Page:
Pode (NS) - ReviewEvan Norris , posted on 24 June 2018 / 1,931 Views
Pode is an adorable game. If you play through this co-op puzzler to the end and don't feel triumph, sadness, and joy, your heart might be as stony as the game's co-star, Bulder. Inspired by Norwegian culture and starring an anthropomorphic rock and shooting star, Pode is a relaxing, artistic puzzle game designed around two players operating in tandem. It's filled with lovely music and visuals, features two fun characters with contrasting abilities, and boasts a mostly gentle learning curve. Some of the game's puzzles can be abstruse or fussy, and a few fixed camera angles make platforming difficult, but overall this is a decent entry in the co-op puzzle canon.
The narrative intro to Pode is short and to the point. A wayward shooting star named Glo lands on Earth, startling a lonely rock named Bulder. Soon, they're off on an unlikely adventure to scale the interior of Mount Fjellheim, to give Glo a high point from which to return to the stars. Norwegian developer Henchman & Goon mines a lot of dramatic potential out of this small, simple story. Every success and setback for the adventuring twosome is felt viscerally; it's impossible not to root for them.
Pode is entirely beatable with one player, but it's best experienced with a friend in local co-op. Bulder and Glo each have unique abilities necessary to solve environmental puzzles inside the mountain. One player, controlling Bulder, can pick up stones and turn rocky switches to open doors, while another, manipulating Glo, can use light to grow leafy platforms. Thus, each player feels special and integral to the process. Playing solo, a single player can swap between the two heroes with a quick button press.
Most of the puzzles in Pode work fine. There are simple types in the game's beginning where one character will use the other as a platform to reach a high point and more challenging multi-part riddles in later stages where new abilities require thinking several steps in advance. Different environmental designs add to the variety. One stage has several bodies of water — tricky because Bulder sinks and Glo floats — while another is spent in darkness. In between the mandatory puzzles are several optional, hidden murals, illuminated by Glo, and gems, grown by Bulder, that add a second layer of challenge for completionists.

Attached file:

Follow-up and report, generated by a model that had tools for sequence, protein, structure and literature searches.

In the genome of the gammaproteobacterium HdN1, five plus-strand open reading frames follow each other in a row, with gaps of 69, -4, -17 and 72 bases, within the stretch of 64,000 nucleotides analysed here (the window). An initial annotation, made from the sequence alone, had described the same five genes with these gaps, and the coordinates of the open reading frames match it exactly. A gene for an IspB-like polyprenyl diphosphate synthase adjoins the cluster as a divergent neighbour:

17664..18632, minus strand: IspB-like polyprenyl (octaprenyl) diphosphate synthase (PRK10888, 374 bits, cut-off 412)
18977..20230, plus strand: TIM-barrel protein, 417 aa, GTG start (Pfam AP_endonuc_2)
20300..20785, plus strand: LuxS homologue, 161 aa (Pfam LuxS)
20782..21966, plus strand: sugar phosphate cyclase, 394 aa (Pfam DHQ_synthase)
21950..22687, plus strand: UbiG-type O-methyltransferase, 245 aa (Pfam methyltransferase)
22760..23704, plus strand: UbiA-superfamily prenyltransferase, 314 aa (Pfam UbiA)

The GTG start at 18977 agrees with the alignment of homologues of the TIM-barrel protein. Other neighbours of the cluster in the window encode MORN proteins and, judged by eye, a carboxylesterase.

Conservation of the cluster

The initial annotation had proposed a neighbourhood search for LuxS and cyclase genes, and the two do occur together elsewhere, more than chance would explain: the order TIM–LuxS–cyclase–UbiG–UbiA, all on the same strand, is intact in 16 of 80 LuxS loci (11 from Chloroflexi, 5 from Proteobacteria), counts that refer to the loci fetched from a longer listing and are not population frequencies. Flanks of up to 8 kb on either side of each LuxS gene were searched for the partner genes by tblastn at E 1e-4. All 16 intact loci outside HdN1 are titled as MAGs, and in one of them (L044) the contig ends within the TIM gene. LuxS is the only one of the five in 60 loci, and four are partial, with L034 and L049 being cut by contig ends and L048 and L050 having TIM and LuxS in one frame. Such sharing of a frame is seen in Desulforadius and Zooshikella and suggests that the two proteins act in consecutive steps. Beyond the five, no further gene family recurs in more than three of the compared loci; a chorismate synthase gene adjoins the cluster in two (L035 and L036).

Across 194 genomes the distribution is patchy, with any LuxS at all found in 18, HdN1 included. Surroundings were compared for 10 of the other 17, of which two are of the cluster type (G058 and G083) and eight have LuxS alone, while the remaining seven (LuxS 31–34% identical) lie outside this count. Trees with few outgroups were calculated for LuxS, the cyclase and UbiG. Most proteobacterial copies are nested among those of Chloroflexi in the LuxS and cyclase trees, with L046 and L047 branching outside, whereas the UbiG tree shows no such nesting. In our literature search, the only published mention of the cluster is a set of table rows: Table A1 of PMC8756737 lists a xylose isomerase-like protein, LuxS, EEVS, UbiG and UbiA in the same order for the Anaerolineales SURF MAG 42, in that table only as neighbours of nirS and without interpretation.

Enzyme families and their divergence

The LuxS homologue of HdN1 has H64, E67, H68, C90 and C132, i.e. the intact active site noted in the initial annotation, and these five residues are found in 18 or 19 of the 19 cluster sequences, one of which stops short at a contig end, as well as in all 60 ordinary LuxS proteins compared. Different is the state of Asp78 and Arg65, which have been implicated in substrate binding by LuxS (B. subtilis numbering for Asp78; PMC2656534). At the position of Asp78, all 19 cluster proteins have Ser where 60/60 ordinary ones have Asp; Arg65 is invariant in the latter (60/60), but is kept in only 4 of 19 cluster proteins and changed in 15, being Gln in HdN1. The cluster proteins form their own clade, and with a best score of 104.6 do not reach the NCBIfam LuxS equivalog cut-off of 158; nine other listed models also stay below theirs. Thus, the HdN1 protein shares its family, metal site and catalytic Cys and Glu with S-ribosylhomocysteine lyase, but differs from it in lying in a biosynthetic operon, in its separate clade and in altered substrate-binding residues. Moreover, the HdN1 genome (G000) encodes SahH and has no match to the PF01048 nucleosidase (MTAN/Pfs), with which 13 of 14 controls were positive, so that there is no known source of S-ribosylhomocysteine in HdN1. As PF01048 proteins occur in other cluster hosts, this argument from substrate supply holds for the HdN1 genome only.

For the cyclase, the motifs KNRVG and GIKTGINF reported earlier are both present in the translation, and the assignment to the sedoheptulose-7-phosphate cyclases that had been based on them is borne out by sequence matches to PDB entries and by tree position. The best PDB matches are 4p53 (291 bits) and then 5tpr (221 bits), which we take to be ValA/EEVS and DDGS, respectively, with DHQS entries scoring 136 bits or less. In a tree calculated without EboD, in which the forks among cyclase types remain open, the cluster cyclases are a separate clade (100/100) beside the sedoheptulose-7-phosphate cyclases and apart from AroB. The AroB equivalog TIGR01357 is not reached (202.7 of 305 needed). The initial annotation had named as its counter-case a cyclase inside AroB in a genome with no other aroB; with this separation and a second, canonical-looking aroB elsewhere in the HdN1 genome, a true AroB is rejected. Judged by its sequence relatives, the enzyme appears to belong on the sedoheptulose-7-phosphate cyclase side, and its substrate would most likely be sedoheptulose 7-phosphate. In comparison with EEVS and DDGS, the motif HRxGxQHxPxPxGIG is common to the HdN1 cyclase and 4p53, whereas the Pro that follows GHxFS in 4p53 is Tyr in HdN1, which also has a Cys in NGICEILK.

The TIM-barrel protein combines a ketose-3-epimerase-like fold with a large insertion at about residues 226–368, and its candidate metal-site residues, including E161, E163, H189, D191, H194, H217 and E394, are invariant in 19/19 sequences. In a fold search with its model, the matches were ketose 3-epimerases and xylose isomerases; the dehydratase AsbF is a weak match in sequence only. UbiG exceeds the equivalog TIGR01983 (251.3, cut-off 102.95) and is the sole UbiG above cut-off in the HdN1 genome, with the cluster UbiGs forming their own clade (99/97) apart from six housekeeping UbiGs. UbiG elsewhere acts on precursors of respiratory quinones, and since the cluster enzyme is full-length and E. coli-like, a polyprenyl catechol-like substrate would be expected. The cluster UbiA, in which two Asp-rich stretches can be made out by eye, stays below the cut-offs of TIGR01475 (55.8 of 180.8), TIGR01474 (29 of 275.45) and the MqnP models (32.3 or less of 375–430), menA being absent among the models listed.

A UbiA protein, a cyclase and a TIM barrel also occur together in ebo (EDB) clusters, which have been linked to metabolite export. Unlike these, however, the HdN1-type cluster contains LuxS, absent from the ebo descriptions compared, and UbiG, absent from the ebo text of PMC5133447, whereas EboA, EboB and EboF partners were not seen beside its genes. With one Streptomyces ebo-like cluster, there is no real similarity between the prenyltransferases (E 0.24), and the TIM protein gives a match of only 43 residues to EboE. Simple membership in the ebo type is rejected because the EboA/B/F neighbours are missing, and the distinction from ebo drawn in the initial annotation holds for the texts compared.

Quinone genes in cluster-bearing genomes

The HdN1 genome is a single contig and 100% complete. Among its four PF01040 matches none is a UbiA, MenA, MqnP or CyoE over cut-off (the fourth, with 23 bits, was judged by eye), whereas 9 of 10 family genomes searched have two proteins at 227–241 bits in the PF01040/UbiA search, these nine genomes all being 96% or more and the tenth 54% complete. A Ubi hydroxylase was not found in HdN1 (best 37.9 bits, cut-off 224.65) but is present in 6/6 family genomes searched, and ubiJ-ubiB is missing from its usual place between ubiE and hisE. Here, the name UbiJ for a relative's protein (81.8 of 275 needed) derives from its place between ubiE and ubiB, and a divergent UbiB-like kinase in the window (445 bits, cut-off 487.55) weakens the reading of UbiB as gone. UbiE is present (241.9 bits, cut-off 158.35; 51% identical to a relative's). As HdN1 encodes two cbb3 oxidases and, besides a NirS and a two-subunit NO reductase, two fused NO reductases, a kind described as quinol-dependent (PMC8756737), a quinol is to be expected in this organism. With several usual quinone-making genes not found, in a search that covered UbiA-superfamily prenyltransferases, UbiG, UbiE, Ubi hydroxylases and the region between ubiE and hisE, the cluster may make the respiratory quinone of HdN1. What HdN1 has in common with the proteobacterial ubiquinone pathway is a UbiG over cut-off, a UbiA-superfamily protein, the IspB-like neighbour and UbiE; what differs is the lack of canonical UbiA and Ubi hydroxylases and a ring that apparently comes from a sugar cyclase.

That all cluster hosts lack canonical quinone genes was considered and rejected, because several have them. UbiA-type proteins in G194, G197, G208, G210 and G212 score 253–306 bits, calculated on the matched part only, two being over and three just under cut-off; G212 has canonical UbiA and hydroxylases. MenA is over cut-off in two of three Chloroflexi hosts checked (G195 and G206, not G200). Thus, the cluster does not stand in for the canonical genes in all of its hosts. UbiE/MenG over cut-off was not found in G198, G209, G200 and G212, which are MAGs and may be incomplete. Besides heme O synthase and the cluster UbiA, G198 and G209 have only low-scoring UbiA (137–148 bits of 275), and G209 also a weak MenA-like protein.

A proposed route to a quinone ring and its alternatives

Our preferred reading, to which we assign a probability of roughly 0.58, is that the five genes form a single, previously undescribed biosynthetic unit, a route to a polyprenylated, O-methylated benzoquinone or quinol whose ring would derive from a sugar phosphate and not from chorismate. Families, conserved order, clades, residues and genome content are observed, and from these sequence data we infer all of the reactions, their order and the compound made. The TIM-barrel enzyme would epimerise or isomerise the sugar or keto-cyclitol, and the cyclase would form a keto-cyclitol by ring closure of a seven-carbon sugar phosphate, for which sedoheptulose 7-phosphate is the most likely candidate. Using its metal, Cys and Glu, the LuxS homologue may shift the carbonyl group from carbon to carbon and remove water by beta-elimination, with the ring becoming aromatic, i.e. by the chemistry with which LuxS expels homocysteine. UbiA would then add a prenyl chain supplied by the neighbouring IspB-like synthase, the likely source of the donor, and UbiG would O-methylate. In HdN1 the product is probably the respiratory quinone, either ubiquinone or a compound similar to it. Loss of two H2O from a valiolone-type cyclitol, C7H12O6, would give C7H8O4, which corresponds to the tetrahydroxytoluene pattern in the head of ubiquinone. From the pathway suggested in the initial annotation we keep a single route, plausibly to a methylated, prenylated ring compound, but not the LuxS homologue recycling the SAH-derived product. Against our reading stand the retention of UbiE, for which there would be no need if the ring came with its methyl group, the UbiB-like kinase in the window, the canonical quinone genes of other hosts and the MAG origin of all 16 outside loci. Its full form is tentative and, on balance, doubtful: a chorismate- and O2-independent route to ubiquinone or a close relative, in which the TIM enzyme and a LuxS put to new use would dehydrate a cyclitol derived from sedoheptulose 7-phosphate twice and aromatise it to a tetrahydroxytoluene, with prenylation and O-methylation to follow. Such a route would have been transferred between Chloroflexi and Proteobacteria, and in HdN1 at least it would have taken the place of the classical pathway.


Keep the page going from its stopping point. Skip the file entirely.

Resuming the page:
While the game introduces new problem types and powers at a slow, deliberate, mostly-even rate, there are a handful of puzzles that are either difficult to understand or finicky. One example very early in the game involves four pillars and four switches, and no instructions. The solution involves uncovering a symbol displaying the correct sequence, but that symbol is off-screen and shrouded in darkness. Others, especially those oriented around Glo's glowing aura, are frustrating in a different way. Some require pixel-perfect precision, and several micro-adjustments, to light the way forward.
Pode's fixed camera angles can cause some consternation, also. Each stage has its own camera placement, and while the camera will pan and zoom depending on character movement, the isometric perspective can cause a few falls during platforming sections.
While isometric camera angles might make jumping tricky, they offer clear, unimpeded access to the game's lovely artwork. Pode has a clean, bright visual style, with lots of lush, verdant flora and glowing rock formations. One of the simple joys of this puzzler is to watch as Bulder and Glo traverse each level, triggering explosions in plant and mineral growth. Bulder will uncover jeweled veins in the mountain and Glo will bring forth ferns, bushes, and vines. All this happens alongside Austin Wintory's relaxing, soulful musical score.
There's something undeniably charming about Pode. Its adorable characters, meaningful story, lovely art, relaxing music, and satisfactory puzzling gameplay make it worth a look, especially for co-op enthusiasts. A few fussy or cryptic puzzles, a troublesome camera, and an inferior single-player experience might keep others away.
This review is based on a digital copy of Pode for the NS, provided by the publisher.